Riding to the top

Vezain snags bareback National College Championship

It’s a sport full of unknowns and even takes some luck to win, but it takes true talent to win consistently.

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JR Vezain waves his hat above his head for a victory lap after winning the barebaback bronc riding contest at the National College Finals Rodeo. Dan Hubbell photo / hubbellphotos@aol.com

It also takes hard work, practice, good teachers and help from God to win a rodeo, JR Vezain said Monday following his national championship weekend in Casper. He rode for the best average after three goes and a short round in bareback bronc riding, finishing just a point ahead of his competitors at the 2011 College National Finals June 16-20, competing for Vernon College in Vernon, Texas.

“I drew good all week, praise God I drew that good,” he said. Vezain scored 80.5 for first in the first round, 77.5 for second in the second round and 80.5 for second in the third round. A third-place score of 80.0 in the short go gave him enough to win by one point.

“A good horse is one that takes me to the lead in the round, one that bucks,” Vezain said, noting he didn’t know anything about his horses before riding. “The better the bucker, the more points it’s going to be, and I just drew good.”

Winning the average buckle was another step in Vezain’s young career, which already includes a 2010 national high school championship. This weekend’s victory was another notable milestone as Vezain sets out to conquer the world of rodeo. He will ride in the NFR circuit in the coming months, where his sites are set on a pro rodeo championship.

“[The college championship] was a big goal I set earlier this year,” Vezain said. “By the time I’m done, I want to win every big title there is. I’ll keep knocking them off and keep moving forward to NFR now.”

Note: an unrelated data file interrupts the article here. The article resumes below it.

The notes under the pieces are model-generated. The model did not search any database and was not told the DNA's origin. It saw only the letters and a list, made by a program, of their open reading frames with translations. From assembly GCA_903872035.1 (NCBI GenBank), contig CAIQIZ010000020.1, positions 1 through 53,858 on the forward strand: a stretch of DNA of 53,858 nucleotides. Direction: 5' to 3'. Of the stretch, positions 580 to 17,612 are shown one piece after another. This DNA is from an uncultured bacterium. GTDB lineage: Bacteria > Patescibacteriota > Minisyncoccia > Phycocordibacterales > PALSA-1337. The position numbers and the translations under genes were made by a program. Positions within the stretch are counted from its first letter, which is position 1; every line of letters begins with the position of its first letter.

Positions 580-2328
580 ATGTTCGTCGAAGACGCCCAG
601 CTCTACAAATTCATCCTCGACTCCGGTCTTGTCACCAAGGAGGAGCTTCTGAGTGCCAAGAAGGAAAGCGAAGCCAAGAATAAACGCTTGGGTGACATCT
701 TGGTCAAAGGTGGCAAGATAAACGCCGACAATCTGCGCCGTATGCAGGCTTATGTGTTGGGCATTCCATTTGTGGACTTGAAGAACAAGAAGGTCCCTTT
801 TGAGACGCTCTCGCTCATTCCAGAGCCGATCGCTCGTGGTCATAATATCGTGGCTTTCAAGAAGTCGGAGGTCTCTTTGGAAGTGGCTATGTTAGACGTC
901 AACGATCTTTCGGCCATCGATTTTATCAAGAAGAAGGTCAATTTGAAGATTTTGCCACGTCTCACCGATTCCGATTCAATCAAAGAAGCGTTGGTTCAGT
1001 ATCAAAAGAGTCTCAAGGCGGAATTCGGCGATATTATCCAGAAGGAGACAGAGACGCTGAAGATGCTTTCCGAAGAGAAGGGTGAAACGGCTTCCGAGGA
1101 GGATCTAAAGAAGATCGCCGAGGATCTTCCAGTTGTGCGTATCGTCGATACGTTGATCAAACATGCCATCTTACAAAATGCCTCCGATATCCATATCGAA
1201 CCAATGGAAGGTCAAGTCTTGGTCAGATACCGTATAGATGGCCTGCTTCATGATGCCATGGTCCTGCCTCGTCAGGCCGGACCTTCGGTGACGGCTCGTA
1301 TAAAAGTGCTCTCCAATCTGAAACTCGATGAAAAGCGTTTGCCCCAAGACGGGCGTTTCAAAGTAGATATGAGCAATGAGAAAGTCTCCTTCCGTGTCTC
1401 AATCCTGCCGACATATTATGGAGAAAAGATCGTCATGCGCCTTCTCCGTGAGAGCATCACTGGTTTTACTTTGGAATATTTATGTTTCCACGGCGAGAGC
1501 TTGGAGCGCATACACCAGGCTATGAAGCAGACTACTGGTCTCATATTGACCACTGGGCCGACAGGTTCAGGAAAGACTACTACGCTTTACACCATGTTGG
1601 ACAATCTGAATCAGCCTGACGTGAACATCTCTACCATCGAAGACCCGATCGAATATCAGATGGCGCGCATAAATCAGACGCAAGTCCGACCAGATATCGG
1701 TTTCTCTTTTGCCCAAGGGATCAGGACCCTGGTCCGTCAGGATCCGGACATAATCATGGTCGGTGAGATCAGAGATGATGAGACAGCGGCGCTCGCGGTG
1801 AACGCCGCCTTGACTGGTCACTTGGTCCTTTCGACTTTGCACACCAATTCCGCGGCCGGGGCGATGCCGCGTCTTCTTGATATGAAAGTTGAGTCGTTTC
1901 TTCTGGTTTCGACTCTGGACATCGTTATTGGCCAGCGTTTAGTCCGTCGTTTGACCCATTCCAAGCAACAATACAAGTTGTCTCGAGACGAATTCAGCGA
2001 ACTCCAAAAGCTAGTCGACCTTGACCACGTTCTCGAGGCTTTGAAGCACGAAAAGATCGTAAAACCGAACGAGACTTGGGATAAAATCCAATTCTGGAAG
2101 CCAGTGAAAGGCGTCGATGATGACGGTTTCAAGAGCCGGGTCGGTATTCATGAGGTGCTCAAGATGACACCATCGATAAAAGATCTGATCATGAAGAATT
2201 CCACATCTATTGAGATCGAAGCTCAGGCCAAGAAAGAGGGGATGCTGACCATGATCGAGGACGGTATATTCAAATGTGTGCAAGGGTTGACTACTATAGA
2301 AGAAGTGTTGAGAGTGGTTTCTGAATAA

“I will be all-around average champion before I die, too,” he said.

Vezain said the contest was fun and the victory “felt outstanding” partly because of the tough field of competitors, including Tanner Aus of Missouri Valley College and Justin Moldashel of Casper College, who finished first and second place in the short go, respectively. Vezain’s overall average was just a point above the second-place finisher.

He has also been competitive in saddle bronc and bullriding throughout his career. Vezain won men’s all-around at the southwest regional rodeo in October, helping to lead Vernon College to first place.

After just finishing his first year of college at Vernon College this spring, Vezain is on the road again this week, traveling with former champion Kelly Timberman and others. They were on the way to Reno Monday and were heading on to Pecos, Texas, and Prescott, Ariz.

“It’s been one of my biggest dreams to ride with Kelly,” Vezain said. At the age of 16, Vezain met the rough stock pro and he has been a role model and mentor since. Traveling across the country by car and plane has been on of the best parts of the rodeo season and the summer pace won’t slow down, Vezain said.